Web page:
In many ways, I agree with them. Google isn’t the first one to push for this type of “full inventory” approach. In the past, mixing network placement in the same campaign was a big mistake. Doing so meant bidding the same for different placements in ways that would hurt performance. But with automated bidding, that all changed. Now the bid strategy governs our bids and allows for a greater crossover of placements in a campaign type like PMax.

Pros of Performance Max Campaigns

There is a lot to consider as we all contemplate how to use PMax to our advantage. Some of the pros are more straightforward, while others are more apparent once you get into the weeds of how these campaigns really work.

Automation

The most obvious pro is the ability to leverage automation more fully. Bid automation has proven that, with the right data input, it can outperform a human’s ability to bid effectively to a goal. I embrace an automation solution like PMax that does the same with ad placement and creative as well. With this, we also gain:

  • More conversions
  • More conversion value
  • Time saved
  • New customers (PMax work well at attracting users at the top of the funnel)

Works well with existing search campaigns

As you dive into the functionality of how they work in your Google Ads account, there are some clear benefits as well. Most notably is how they work with your existing Search campaigns. At this time, PMax is only replacing Smart Shopping. Other campaigns like Search campaigns should play nicely with PMax campaigns. Search keywords will take priority, which still gives the advertiser some control when targeting high-priority search terms.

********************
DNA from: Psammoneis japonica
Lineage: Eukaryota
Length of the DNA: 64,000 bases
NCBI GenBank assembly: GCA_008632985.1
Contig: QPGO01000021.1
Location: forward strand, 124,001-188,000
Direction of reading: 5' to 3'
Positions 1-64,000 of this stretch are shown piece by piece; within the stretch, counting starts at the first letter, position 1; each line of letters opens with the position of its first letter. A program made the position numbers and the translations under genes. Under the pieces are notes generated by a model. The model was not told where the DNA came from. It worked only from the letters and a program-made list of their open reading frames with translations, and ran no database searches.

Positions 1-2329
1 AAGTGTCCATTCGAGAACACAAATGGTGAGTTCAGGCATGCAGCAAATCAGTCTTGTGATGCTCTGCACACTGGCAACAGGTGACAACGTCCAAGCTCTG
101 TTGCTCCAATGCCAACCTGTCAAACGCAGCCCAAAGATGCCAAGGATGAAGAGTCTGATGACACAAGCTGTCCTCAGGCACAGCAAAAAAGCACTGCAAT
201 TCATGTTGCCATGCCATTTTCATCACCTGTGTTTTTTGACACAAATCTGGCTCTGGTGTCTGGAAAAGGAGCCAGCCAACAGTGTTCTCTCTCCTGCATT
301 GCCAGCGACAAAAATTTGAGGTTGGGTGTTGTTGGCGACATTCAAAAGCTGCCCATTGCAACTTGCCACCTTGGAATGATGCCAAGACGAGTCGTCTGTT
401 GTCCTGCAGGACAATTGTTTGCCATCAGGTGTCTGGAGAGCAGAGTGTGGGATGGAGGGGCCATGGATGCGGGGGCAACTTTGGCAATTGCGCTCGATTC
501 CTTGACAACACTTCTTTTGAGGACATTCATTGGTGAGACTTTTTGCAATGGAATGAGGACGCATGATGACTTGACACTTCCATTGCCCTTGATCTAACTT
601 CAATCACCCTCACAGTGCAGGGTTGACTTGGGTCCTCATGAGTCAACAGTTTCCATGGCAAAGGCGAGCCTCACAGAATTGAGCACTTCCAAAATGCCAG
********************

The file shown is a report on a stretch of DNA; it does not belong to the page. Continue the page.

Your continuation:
All that said, this list of pros is shorter than what Google touts. Many of their pros, like PMax providing richer campaign insights, don’t appear to be true. There is certainly some selling going on as Google works to gain adoption.

Cons of Performance Max Campaigns

The list of potential cons to consider is a little bit longer.

Less control

PMax provides advertisers with less control. Handing over the control of targeting to automation can be a pro, as I mentioned, but there are clearly drawbacks as well. Less control makes it easier and easier to spend money with Google. Google’s ad inventory is huge, and if we aren’t narrowing down our targeting, the capacity to spend is high. This clearly benefits Google while not always benefiting the advertiser.

Still new

As PMax campaigns are so new, this also adds some additional cons. They are still not available in Google Ads Editor, which makes them more manual to build as you expand. We have less data on them, so best practices are still evolving. And since they are new, we are very likely going to experience frequent changes and updates from Google as they fine-tune.

Limited reporting